Career in Law Enforcement Police Test Study Guide

A Day in the Life of a Police Officer!

Oct 20th, 2020
state trooper exam

Getting Started!

Ever wondered what a day in the life of a police officer is like?

There are almost 700,000 active police officers in the United States – all of whom are experiencing very different things. After all, a career as a law enforcement officer is not a decision to take lightly. It’s a career where your life can be on the line in a matter of seconds – often when you least expect it.

A day in the life of a police officer can also be a highly rewarding one; as you are serving the local community and, in many cases, saving lives and brining criminals to justice.

There are few careers which carry so much risk and yet so much reward.  

You have already passed the written exam, fitness test, oral board – and aced the police officer exam. You were inducted into the police academy for further training and professional skill development and now has come the time to put that skill into practice.

An Early Start to the Day

It’s only three months since you joined New York Police Department and your shift times haven’t changed all that much.

Your alarm goes off at 5am. You didn’t have a great sleep, but duty is calling. You take a shower and give yourself a thorough shave. The last thing you want is for your supervisor to start complaining about your unprofessional appearance. Officers must look the part; clean and presentable and not scruffy and unbecoming.

Your attitude begins to shift once you begin to don your police attire. The seriousness of the role takes hold and your professional mentality comes to the fore. You calibrate your mindset accordingly.

You kiss your two kids and spouse goodbye and head off for the day’s work.


Some police departments permit officers to take their patrol car home. In this case, it’s at work. You inspect the car as if you were at home, checking to see if everything was the same as last time. You also check whether key equipment – such as the police radio – is working accordingly. You verify whether other core equipment – such as first aid and fire extinguishers and spare tyres – are available.

Most police departments commence with a role call at the start of a shift. You may also be informed of any important events to keep in mind. These may be developments that occurred since your last shift. Once you have been informed of your key duties and operations to keep in mind, you set off to start your day.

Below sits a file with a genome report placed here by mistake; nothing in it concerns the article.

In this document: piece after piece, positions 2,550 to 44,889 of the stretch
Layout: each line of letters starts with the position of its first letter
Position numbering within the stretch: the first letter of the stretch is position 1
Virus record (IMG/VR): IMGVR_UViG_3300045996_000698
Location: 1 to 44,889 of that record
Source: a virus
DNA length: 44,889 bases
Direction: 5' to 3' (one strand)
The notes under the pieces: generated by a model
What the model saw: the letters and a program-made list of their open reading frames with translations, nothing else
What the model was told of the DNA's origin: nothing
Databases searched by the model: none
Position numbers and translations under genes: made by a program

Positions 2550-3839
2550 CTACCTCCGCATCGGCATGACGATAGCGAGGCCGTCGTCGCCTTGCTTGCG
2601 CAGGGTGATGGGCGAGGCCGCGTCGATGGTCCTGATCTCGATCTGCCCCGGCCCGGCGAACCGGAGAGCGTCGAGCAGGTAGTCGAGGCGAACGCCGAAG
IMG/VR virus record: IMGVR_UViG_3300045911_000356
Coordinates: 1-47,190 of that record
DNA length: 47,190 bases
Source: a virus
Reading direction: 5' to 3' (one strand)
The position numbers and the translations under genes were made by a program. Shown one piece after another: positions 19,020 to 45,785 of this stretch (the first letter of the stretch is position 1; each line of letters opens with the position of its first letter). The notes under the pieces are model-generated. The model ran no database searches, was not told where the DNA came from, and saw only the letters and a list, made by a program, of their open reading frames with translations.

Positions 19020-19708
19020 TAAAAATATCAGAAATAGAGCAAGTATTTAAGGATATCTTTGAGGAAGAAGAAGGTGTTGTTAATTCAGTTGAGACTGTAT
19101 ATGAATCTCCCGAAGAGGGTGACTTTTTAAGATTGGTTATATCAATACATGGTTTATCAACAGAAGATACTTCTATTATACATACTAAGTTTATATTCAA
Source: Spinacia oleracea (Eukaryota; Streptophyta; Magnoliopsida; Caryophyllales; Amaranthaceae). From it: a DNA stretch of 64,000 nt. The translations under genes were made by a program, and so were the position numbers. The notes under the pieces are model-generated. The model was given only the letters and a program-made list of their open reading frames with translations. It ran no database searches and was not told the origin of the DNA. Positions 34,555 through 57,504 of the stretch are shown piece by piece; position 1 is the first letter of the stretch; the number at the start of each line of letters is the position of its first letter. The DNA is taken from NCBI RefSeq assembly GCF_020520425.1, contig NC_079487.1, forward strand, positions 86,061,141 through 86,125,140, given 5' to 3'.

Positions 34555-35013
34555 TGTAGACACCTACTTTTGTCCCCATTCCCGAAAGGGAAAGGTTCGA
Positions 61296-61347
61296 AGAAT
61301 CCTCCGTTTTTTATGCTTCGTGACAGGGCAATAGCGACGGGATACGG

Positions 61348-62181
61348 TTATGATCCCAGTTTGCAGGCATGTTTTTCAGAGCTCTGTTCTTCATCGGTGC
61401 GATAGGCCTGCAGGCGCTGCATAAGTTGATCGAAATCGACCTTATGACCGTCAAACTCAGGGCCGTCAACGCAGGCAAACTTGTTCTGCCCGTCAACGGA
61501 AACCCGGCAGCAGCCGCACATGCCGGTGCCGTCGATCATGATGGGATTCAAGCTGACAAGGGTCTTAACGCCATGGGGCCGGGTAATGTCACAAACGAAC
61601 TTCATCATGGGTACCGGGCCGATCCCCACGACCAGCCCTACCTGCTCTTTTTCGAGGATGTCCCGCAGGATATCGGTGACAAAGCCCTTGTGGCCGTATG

As you patrol the city, you establish that a car up ahead is speeding.

You cautiously approach the vehicle and signal the driver to pull over. You get out of your patrol vehicle and inform the driver that he is speeding. He offers a defence that he is only marginally above the speed limit and that he is visiting his mother who had recently been admitted to hospital. As he backs up the claim with evidence, you use officer discretion and issue to him a standard warning only.

A day in the life of a police officer is not always black and white. In cases such as these, officer discretion is often an important component. Police officers should establish, insofar as is possible, the evidence and context at hand – and then issue a judgement accordingly. Working in your own police department, you will come across many such cases each week.

Car Crash

Only twenty minutes later, your dispatcher relays details of a multi-car crash that occurred just five minutes’ drive from where you are.

You immediately turn on sirens and lights and head direct to the scene of the crash. As you arrive, you notice two people – one man and one woman – receiving first aid from an ambulance that had just arrived. You approach the wreckage and can see a third and fourth person inside, at the back. They are deceased.

You liaise with the paramedics about what they have learned and what will happen the other two occupants. You cordon off the scene, as it is now a crime scene and must not have members of the public tampering with any potential evidence, including any evidence found on the ground nearby. You take notes and interview those who are first-hand witnesses; slowly piecing together what happened but not yet arriving at any firm conclusions.

You consult a homicide investigator at the police department and delay to him the notes and evidence you have gathered.


The scene involved the deaths of two people – Nathan (42) and his son, Paul – who was just 14-years old.

Next of kin must be informed of the loss. As you approach the front door, you are acutely aware that you are about to tell a woman that she has lost her husband and only son. You knock the door, she opens it. Deep down, she knows why you are there. In a direct but empathetic manner, you inform her of the loss of her husband and son in a car crash that occurred that morning. Naturally, she breaks down – while you attempt to hold things together and stay with her until a friend or family member arrives to console her.